With the board beginning a search for a new superintendent, questions have steadily grown about the decision to fire Graff. Various theories have floated. Croft, up for election in April, has twice asked Graff to release the executive session recordings in emails over the last 10 days.
On Monday, Croft wrote an email to Graff with the subject line, "Permission to Speak Publicly about the Non-Renewal of your Contract and Whether you were Offered an Extension."
"Some people in our community are assuming facts that you and I know to be false," Croft wrote. "I would like to correct them, but do not feel that I can without your permission to waive some of your privacy rights. Please let me know as soon as possible your position on this matter. If I receive no written response, I will ask you on the record at the next Board meeting."
Graff declined to comment for this column.
The odd thing about the board getting tangled up in its own secrecy is that it probably didn't have to. Most of the issues I heard raised about Graff's work were about district policy and practices and would not damage his reputation. They could have been discussed publicly and generally have been. In any case, the board could have voted publicly.
Graff is well-liked and has a history as an effective administrator, both as a principal and as the right hand of former Anchorage School District Superintendent Carol Comeau. I've dealt with him in many roles and always found him fair, thoughtful and a good listener.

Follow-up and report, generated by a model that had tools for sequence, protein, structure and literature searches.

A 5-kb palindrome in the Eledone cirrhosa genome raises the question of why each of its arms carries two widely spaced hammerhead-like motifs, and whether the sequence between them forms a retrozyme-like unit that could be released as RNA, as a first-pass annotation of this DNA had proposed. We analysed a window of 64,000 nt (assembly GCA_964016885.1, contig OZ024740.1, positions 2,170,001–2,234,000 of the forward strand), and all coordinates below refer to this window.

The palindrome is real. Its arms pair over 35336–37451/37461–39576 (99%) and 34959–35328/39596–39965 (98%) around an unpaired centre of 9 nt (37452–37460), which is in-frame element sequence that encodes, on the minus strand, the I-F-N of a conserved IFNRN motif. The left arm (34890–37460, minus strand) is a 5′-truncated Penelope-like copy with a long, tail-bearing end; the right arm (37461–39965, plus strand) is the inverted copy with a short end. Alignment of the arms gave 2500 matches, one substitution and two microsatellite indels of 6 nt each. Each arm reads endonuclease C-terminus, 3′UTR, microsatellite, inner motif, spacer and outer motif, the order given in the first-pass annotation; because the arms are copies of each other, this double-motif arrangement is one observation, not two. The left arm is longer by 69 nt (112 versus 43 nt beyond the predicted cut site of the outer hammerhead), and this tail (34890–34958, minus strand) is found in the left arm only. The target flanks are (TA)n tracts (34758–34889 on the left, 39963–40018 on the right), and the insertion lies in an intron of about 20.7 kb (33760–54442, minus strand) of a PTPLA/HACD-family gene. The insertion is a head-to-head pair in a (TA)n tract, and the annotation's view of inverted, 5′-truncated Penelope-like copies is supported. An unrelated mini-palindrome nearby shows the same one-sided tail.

But he can be so reserved as to be unreadable — he would be an amazing poker player — and you can easily feel you didn't connect or know what he thinks. That's not good in a people-oriented position.
Under Graff's watch, the district ran into conflicts with West High parents over a new Career and Technical Education center there, which required a board-appointed committee to solve, said former West parent Blythe Marston.
Graff's administration also introduced a problematic new teacher evaluation system. In September, the district's principals, who use the system, told the board it lacked coherence and that implementation missteps threatened its integrity.
And Graff got into unnecessary conflict with the teachers union over work schedules and other issues, said Anchorage Education Association president Andy Holleman.
Board member Higgins said that Graff presented the results of a test called AIMSweb last summer in a way that hid the lack of advancement of low-achieving students. He said Graff's student expectations are too low.
None of these may be worth firing over. The district is huge and someone is always unhappy. But I understand the board's concerns. They wanted a superintendent who was more aggressive, better at engaging and inspiring people, and who they believed could lead the way to dramatic improvements in student achievement.
I probably would have given a talented local guy a chance to grow, but the board's position was legitimate.
However, the way the board took action was wrong. Secrecy and negotiated unity may have felt politically safer in their closed room, but now they are paying a high price in lost trust.
Charles Wohlforth's column appears three times weekly. A former member of the Anchorage Assembly, he has two children attending the Anchorage School District. Email him: firstname.lastname@example.org